Shining a light on foreign corporations and trusts,
guiding our professionals

TINZ Statement published in conjunction with the 12 May London Anti-corruption Summit

The Panama Papers have identified that there are hundreds of thousands of offshore corporate entities domiciled in countries other than the principal residences of the beneficial owners. However, in many countries, depending on the type of offshore vehicle that is registered, the only formal, and often limited, records are held at a lawyer’s office in the relevant offshore financial centre.

Offshore trusts and companies can, and have, been misused for criminal purposes including tax evasion, money laundering and corruption. For example, the World Bank Puppet Masters report found that over 70% of grand corruption cases involved the use of offshore vehicles. This finding was also highlighted by Transparency International. In spite of these observations and other reports, we should equally recognise that offshore vehicles can also be used for legitimate asset protection or other purposes.

The Financial Action Taskforce (FATF) has been working for over 25 years to make the beneficial ownership of offshore entities transparent, to prevent their illegal misuse. However, implementation by jurisdictions needs improvement as many countries do not have effective mechanisms to identify the ultimate beneficial ownership of corporate vehicles set up in their jurisdiction. For example, anti-money laundering (AML) legislation in many countries doesn't currently apply to lawyers and accountants. In New Zealand, the professional coverage of accountants and lawyers is planned to be included in Phase 2 of the AML reforms.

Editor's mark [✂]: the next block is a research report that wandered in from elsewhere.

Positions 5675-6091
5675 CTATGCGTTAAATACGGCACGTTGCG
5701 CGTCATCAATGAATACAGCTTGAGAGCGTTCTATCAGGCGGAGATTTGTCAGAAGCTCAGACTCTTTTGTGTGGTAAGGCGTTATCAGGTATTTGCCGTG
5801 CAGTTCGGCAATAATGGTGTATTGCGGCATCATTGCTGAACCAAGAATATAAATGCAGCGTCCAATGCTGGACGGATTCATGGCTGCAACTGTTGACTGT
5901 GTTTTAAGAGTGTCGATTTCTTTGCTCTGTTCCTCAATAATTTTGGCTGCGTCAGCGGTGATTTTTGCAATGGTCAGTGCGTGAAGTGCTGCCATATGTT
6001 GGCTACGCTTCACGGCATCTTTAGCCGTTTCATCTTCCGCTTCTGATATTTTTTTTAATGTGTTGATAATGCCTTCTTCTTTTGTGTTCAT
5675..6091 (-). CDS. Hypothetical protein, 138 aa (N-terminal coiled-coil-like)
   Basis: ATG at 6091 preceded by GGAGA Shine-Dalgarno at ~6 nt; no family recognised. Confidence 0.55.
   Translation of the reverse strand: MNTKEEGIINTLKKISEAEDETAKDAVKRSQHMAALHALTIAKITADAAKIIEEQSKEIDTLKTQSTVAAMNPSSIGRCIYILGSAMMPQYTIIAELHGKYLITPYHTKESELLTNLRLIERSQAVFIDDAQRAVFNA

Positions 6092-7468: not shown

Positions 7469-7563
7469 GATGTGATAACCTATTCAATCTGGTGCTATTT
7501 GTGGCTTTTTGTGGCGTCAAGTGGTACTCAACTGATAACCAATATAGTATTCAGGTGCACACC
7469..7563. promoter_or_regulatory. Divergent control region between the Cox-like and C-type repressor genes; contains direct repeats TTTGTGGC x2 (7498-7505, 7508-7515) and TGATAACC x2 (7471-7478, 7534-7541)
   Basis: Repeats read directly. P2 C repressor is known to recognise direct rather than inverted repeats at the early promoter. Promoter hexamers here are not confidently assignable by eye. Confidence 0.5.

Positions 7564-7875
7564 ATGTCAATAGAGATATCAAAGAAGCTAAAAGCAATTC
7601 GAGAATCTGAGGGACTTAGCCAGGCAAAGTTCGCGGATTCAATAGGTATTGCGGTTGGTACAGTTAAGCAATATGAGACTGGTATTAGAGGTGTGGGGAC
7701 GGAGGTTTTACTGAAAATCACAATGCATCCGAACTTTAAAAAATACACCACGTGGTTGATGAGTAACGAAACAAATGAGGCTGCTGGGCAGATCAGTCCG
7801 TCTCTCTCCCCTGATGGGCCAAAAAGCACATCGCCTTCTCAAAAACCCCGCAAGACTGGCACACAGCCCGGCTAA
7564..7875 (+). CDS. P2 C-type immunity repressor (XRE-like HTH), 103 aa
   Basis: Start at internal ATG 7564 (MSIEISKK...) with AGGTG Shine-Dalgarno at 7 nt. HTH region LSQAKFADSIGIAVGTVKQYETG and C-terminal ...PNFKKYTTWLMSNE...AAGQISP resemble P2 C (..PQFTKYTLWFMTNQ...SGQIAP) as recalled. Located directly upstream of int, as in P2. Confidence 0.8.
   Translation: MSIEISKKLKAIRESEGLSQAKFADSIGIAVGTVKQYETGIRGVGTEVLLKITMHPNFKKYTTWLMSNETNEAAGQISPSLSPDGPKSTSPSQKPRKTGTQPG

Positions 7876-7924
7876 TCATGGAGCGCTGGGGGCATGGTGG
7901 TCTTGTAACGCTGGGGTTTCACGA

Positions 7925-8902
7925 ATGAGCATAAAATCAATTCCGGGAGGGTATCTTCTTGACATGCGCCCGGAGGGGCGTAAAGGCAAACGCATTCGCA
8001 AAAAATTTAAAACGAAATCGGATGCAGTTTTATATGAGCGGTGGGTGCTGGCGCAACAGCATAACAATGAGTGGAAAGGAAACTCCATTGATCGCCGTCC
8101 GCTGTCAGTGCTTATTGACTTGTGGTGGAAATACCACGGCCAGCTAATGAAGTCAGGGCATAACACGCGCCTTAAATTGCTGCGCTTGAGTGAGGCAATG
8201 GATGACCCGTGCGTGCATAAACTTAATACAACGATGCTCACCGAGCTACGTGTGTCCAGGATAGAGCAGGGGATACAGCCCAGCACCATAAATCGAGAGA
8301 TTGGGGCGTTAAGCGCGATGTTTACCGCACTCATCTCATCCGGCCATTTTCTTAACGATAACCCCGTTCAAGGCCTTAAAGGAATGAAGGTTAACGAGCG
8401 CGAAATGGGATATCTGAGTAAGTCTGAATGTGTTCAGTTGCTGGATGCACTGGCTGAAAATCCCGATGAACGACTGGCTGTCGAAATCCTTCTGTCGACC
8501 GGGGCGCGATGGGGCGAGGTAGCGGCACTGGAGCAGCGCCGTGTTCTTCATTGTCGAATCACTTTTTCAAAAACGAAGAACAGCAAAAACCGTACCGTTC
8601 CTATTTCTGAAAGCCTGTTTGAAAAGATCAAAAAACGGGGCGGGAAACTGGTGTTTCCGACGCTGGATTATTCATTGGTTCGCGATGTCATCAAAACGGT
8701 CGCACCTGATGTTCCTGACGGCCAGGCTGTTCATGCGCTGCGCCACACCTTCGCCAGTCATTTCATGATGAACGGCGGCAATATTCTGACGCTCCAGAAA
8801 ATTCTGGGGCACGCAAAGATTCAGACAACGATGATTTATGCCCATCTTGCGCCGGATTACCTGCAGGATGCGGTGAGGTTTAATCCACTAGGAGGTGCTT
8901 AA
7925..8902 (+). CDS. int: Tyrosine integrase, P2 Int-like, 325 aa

The development of beneficial ownership registers is equally being pushed globally, to varying degrees. Unless all countries globally are aligned we will experience a race to the bottom whereby arbitrage will occur between jurisdictions for the registration of offshore entities that are used for inappropriate and illegal purposes.

Recommendations:

  • The New Zealand AML/CFT Act (2009) should be extended to cover all professionals, including lawyers and accountants that are engaged in setting up New Zealand corporate vehicles.
  • New Zealand should establish a corporate registry that includes beneficial ownership of relevant corporate to enable review and audit by law enforcement and compliance bodies.
  • The entity operating the corporate registry should be adequately resourced and funded to be effective.
  • New Zealand should equally ensure similar transparency of trusts to understand the ultimate beneficial owners. To achieve this, New Zealand should consider establishing a similar registry for trusts.

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